Marine Mammals and Diving

Marine mammals can go without breathing for as long as thirty minutes while diving. On the other hand, human divers can dive to a maximum of 60 meters while holding their breath for about a minute. Marine mammals have special adaptations which enable them to hold breath for such long periods without damaging vital organs. First, when marine mammals are on the surface of the water they breathe very quickly and then hold their breath for a long duration. The muscles of many marine mammals can go for a long time with minimal or limited oxygen without cramping.

Marine mammals save oxygen by containing blood flow to unnecessary organs. Thus blood goes mainly to the most important organ like the heart and brain. In addition, mammals slow down their heartbeat while diving resulting in lower consumption of oxygen. Some marine mammals can slow down their heart beat rates to almost three beats per minute. With a normal heart beat rate of 100-150 beats per minute, marine mammals may drop this to about 10 beats per minute while diving. These special adaptations are referred to as the marine mammal diving reflex. Scientists are still studying these special adaptations leading to this diving reflex.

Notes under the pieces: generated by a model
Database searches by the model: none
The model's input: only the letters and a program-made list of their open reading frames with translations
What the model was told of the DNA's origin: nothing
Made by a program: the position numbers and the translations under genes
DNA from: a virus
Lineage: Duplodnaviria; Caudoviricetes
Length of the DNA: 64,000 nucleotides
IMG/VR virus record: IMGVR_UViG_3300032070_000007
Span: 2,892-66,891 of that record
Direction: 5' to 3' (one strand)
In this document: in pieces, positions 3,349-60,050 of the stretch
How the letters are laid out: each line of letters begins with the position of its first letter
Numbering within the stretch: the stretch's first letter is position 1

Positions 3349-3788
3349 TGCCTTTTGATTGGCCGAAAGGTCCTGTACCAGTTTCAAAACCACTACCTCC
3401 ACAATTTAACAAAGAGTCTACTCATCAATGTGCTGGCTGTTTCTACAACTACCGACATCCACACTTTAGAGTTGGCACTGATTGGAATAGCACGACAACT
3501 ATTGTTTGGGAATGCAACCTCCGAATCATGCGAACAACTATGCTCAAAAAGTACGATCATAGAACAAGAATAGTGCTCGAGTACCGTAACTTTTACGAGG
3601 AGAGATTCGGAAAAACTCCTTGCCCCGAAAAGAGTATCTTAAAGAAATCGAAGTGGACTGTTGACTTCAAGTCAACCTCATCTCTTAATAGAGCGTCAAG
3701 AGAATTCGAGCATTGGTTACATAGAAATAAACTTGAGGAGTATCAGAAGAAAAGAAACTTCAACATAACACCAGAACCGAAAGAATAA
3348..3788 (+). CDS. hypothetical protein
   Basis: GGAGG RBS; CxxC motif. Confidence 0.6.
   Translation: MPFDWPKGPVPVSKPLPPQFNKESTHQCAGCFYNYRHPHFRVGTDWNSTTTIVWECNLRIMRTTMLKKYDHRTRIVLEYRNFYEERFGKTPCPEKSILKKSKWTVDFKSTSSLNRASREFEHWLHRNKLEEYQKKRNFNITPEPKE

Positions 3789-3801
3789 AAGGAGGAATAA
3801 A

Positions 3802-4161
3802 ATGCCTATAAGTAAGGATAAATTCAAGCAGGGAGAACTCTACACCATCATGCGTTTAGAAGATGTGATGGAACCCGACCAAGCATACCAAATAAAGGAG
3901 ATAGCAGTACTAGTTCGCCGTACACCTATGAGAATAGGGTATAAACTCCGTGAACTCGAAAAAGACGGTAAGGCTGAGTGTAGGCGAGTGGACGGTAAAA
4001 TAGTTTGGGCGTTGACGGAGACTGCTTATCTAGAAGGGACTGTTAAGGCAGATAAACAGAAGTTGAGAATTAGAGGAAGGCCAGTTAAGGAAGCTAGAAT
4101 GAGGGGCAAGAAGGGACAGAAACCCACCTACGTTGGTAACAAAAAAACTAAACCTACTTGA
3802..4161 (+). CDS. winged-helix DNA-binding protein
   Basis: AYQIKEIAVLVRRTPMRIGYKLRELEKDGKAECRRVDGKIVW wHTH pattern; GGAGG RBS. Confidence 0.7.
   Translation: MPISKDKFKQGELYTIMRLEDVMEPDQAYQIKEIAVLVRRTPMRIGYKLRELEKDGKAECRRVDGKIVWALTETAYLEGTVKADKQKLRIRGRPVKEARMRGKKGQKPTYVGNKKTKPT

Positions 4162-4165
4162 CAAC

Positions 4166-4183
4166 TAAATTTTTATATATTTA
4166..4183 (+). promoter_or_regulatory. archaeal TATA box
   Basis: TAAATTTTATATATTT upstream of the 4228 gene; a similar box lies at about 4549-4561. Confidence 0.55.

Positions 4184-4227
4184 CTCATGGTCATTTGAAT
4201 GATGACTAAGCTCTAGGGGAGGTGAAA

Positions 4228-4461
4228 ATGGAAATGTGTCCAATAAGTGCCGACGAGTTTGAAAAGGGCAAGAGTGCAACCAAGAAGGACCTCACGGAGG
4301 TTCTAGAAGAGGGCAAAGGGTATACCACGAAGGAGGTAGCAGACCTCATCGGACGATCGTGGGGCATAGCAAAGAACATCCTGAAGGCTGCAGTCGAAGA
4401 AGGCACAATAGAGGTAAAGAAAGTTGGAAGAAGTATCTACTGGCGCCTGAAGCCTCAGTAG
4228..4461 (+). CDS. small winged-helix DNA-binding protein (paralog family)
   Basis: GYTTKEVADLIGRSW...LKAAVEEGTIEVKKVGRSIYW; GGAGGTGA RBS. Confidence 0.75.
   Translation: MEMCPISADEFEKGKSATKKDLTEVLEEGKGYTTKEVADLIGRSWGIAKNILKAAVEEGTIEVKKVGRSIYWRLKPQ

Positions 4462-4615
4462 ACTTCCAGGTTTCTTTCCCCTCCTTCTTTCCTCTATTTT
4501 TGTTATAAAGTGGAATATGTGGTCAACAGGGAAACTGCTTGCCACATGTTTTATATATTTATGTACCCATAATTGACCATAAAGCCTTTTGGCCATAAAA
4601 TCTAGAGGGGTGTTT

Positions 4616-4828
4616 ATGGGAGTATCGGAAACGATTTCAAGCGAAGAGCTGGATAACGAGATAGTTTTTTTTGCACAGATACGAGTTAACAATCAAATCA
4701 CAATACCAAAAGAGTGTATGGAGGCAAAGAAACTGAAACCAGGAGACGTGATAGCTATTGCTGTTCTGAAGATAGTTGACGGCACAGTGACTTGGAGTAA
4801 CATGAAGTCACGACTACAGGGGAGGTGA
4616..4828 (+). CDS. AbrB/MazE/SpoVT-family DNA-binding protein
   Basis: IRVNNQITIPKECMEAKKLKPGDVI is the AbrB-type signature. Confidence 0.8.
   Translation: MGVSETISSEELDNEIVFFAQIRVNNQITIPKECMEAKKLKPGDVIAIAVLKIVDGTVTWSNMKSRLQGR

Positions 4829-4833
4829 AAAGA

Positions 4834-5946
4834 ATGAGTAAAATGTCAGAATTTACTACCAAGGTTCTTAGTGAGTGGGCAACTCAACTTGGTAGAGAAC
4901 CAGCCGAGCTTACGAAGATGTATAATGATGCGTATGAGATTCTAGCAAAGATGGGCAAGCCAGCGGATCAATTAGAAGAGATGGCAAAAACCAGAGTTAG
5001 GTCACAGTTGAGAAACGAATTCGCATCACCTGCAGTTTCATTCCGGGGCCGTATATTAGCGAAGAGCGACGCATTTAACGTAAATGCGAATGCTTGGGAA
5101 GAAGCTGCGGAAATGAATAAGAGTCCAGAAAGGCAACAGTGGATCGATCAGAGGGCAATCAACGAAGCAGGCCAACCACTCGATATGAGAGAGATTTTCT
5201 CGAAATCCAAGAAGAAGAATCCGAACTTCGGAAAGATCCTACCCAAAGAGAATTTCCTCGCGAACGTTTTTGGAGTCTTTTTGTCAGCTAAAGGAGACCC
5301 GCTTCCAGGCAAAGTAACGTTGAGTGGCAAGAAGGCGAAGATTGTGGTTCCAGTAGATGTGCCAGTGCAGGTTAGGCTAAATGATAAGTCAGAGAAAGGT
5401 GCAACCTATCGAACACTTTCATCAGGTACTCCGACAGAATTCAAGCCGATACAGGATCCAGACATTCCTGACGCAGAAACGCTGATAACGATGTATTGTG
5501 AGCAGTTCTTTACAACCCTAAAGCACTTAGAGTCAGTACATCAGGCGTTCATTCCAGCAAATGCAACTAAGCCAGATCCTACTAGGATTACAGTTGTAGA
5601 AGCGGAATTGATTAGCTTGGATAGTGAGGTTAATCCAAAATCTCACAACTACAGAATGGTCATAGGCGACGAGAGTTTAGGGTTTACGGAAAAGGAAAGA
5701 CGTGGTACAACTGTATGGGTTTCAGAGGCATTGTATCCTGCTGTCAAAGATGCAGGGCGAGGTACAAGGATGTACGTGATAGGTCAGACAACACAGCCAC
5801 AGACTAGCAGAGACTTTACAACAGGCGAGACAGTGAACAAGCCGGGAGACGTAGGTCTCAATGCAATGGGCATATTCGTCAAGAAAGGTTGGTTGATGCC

Some sea creatures have the ability to go to great depths of water. Of particular interest to note include the bottlenose and the sperm whale. These two marine mammals are known to be exceptional divers, and can last up to two hours under water. They normally reach depths of 1,500- to 3,000-feet; however they have the ability of diving as deep as 6,000 feet. This may have adverse physiological effects resulting in compression of tissues which is mostly evident in spaces in the body that are filled with gases including; the middle ear cavity, air sinuses in the head, and the lungs (Woakes, 1991). Pressure differences, however minimal, that are noticed in the gas-filled hollow and the surrounding tissue may end up causing damage and interference in the tissue. This may result in a condition commonly referred to as the squeeze by human divers (Woakes, 1991).